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Calculation of Bad Turnover - Don't Forget to Count Your Hiring Misses, You Sandbagger..

I'm not trying to get all high and mighty on you by bringing this up, but…

You're a sandbagger of sorts when it comes to calculating "Good vs. Bad" Turnover.  That's right - I called you a sandbagger.  An appeaser.  One who sucks up at the expense of the truth.Sandbagger

You wowed them when you broke out the cool kid metric and started reporting “Good vs. Bad” Turnover.  Nice job, Billy.  But at the end of the day, you were a hack.  Just like the administrative hacks who came before you.

What’s good vs. bad turnover?  Let’s define them like you did for your Sr.Team:

--Good Turnover – Includes all terminations that included employees who you’re generally happy to see go. This would include all the people you fire involuntarily, but also includes voluntary terms involving employees with performance, behavior and fit problems, and any other criteria where you look at a voluntary term and say, “that’s probably for the best”.

--Bad Turnover – Assuming you would never fire someone you don’t want to lose, Bad Turnover includes all voluntary terms where you say, “Man, I wish we weren’t losing them”.

You just went upstream and changed the game.  You had them patting you on the back with your Good vs. Bad Turnover slide.  There's just this one little problem, you sell out.  In fact, you're such a sell-out that Bob Seger called to personally thank you for providing the world with a bigger example of a sell out than him licensing "Like a Rock" to Chevrolet and subjecting us to 2 straight years of the same ad.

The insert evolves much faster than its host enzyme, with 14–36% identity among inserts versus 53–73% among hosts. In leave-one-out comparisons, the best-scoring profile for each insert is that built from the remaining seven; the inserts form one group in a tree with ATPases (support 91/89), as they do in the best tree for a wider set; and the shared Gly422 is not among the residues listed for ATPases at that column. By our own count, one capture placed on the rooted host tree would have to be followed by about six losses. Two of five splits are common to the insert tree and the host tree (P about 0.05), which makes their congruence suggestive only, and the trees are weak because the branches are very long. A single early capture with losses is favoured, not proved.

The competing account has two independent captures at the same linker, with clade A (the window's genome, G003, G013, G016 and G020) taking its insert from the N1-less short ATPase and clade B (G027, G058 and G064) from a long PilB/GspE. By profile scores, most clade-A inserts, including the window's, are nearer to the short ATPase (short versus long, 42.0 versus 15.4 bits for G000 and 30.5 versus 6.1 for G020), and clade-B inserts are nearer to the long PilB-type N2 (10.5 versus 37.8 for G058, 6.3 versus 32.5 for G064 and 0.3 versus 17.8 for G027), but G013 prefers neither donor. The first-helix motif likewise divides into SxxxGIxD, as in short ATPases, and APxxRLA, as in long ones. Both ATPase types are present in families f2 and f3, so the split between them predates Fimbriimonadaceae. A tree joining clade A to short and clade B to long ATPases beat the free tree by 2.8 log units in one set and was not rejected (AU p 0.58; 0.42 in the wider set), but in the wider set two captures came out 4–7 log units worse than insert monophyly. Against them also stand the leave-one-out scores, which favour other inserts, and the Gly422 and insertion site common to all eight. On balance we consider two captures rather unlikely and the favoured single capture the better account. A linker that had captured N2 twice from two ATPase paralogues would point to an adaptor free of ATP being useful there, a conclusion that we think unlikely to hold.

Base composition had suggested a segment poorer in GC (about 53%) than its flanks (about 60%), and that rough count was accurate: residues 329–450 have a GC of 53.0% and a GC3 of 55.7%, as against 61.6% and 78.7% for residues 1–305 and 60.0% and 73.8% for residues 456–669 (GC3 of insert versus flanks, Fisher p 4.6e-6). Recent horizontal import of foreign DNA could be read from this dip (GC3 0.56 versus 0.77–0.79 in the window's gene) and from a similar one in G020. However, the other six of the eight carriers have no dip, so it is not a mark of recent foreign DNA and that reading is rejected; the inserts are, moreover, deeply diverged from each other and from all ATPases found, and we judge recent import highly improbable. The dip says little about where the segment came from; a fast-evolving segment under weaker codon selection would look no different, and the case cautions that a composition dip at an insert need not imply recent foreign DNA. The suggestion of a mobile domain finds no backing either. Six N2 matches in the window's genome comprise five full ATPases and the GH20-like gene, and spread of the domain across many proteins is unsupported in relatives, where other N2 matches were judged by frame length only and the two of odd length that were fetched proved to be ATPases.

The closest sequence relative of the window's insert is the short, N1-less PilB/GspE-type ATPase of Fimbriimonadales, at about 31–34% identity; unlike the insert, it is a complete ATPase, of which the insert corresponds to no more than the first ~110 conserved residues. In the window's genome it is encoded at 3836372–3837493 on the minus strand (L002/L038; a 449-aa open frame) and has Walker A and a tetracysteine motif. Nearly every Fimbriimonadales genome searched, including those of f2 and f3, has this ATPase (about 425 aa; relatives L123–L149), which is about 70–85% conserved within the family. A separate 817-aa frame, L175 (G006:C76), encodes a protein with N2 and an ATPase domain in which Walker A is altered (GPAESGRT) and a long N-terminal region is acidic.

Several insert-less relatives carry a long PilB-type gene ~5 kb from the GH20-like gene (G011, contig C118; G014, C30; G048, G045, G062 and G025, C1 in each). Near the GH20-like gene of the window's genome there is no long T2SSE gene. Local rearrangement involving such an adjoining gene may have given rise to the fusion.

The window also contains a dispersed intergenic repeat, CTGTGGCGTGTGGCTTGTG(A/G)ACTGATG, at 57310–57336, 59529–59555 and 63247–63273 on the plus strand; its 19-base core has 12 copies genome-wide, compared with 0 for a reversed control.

Here's what you did - you failed to classify every new hire who left or was asked to leave in the first 12 months of their career with your company as BAD TURNOVER.  Don't talk.  Don't rationalize.  If you hired someone and they were gone in the first 12 months of their tenure, it's BAD TURNOVER.  You missed.  The hiring manager missed.  The employee had faulty expectations when they joined.  You couldn't train them.  Marge from accounting freaked them out with that scab thing.

Whatever.  Doesn't matter.  If they left in the first 12 months, It's BAD TURNOVER.  Stop acting like it's not.


Tim Sackett

KD -

I always like the Bad vs. Good Turnover - because you have two camps: 1. All Turnover is Bad; 2. Some turnover is good.

I understand that getting rid of someone who sucks, should be considered good turnover - but doens't it go back to why did you hire this person to begin with? You didn't hire them to suck - so what went wrong? And, why do you now get to bail yourself out by calling it "Good" turnover? At the end of the day, it was either a bad selection, bad training, bad environment/fit or something else that was bad - but something went wrong in the process. How is that good?

So, maybe I'm arguing all turnover is bad...maybe

Mike M.

I agree with what Tim is saying, most of the time there is an underlying reason why someone is leaving, lack of training, culture fit, missed expectations, etc...

Anytime someone leaves, it creates an opportunity to look at the root cause. Perhaps you need to improve your on-boarding and/or training programs. Perhaps there is a gap in the interview process. Perhaps the expectations of the role and the measures of success are not being clearly defined. Organizations should take the opportunity to look at each situation and identify opportunities for improvement.